Results

Baseline serum cortisol concentrations were similar at each sampling time. Compared with the effects of freshly reconstituted cosyntropin, administration of cosyntropin that had been frozen did not have a significantly different effect on serum cortisol concentrations.

Clinical lmplications

Cosyntropin can be reconstituted and stored frozen at −20 C in plastic syringes for 6 months with no adverse effects on bioactivity of the polypeptide. (J Am Vet Med Assoc 1998;212: 1569–1571)

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in Journal of the American Veterinary Medical Association

Summary

Serum cortisol concentration was evaluated in 71 dogs before and after a stressful procedure was performed. Thirty dogs were skin tested with sedation (group S), 21 dogs were skin tested without sedation (group NS), and 20 dogs had other dermatologic procedures performed (group C). Group-S dogs had significant (P < 0.001) decrease in serum cortisol concentration after skin testing, compared with baseline values. In contrast, dogs of groups NS and C had significant (P < 0.001) increase in poststress serum cortisol concentration. Mean cortisol concentration after stress was significantly lower for dogs of group S, compared with that for dogs of the other 2 groups.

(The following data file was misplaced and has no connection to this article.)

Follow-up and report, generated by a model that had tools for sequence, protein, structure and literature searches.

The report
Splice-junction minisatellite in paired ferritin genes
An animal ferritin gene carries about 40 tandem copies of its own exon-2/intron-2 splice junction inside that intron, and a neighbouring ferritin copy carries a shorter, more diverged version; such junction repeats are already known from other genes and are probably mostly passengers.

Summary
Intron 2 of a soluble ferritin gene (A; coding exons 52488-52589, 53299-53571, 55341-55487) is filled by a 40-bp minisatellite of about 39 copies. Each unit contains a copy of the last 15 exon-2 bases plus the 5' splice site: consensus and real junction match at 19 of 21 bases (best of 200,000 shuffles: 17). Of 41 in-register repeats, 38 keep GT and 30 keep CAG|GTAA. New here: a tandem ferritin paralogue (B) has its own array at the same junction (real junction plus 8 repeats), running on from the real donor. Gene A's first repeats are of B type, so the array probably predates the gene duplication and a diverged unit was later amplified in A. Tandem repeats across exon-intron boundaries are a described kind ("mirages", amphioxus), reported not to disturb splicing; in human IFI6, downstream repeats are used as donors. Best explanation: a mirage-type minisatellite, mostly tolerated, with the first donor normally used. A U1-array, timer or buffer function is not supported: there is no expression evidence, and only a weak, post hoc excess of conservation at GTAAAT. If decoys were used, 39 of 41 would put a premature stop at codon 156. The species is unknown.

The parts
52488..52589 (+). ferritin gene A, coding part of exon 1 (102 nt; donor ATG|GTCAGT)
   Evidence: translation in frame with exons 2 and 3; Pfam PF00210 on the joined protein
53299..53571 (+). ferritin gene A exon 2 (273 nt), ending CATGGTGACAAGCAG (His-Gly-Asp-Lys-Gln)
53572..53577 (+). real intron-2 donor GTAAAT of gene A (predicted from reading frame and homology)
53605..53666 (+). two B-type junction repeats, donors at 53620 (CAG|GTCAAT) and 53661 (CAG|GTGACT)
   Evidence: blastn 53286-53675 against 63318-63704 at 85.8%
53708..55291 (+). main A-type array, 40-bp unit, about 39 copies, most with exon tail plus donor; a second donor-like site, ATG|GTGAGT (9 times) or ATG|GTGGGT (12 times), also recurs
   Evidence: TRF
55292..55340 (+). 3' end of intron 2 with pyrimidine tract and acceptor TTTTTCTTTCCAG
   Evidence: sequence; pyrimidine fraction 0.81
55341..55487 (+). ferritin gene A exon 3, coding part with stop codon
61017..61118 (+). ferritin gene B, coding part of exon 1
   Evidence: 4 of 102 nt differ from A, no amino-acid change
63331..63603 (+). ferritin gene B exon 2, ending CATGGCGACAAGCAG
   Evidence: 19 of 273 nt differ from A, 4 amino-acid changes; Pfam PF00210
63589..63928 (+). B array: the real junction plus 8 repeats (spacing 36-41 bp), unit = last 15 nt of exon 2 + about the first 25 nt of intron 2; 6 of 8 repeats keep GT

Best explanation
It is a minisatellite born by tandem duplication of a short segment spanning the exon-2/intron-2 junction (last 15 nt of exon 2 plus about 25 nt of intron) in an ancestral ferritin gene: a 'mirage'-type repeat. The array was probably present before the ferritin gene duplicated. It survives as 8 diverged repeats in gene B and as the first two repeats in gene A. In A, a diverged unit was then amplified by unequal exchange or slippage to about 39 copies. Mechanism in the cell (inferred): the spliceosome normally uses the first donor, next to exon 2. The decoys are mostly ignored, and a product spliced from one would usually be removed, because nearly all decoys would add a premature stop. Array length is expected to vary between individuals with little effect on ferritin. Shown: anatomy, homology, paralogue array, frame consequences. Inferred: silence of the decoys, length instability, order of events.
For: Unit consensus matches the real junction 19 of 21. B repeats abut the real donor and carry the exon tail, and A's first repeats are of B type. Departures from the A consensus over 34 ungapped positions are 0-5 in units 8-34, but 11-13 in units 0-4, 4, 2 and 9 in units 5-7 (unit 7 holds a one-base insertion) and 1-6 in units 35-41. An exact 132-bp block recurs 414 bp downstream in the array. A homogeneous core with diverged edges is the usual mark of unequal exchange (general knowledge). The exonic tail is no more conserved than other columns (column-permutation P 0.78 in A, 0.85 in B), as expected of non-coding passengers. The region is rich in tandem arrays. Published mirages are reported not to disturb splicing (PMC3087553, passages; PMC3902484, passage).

The second part of the analysis consisted of determining the number of false-negative skin test results for dogs of groups S and NS and comparing these with serum cortisol concentration. Difference in the number of suspected atopic dogs with negative skin test results (false-negative) was not evident between groups S and NS. Also, difference was not apparent between cortisol concentration in dogs that had positive or false-negative skin test results in either group. This finding indicates that high serum cortisol concentration does not affect results of skin testing in suspected atopic dogs.

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in Journal of the American Veterinary Medical Association

Abstract

Objective—To compare the effects of 2 doses of cosyntropin (5 µg/kg vs 250 µg, IV) on serum concentrations of cortisol, sex hormones of adrenal origin, and adrenocortical steroid intermediates and determine the optimal sample collection time after adrenal stimulation with cosyntropin.

Animals—10 healthy, privately owned, neutered dogs.

Procedure—Dogs were randomly assigned to initially receive cosyntropin at 5 µg/kg or as a total dose of 250 µg, IV. Dogs received the alternate dose 1 to 2 weeks later. Serum was obtained from blood samples collected before (0 minutes) and 30, 60, 90, and 120 minutes after cosyntropin administration.

Results—Maximum stimulation of cortisol, androstenedione, progesterone, and 17-hydroxyprogesterone production was achieved at 60 minutes following IV administration of cosyntropin at 5 µg/kg or as a total dose of 250 µg. Serum estradiol concentration did not increase in response to either cosyntropin dose. For all hormones, no significant difference in serum hormone concentrations was found among sample collection times of 0, 30, 60, and 90 minutes when comparing the 2 doses of cosyntropin.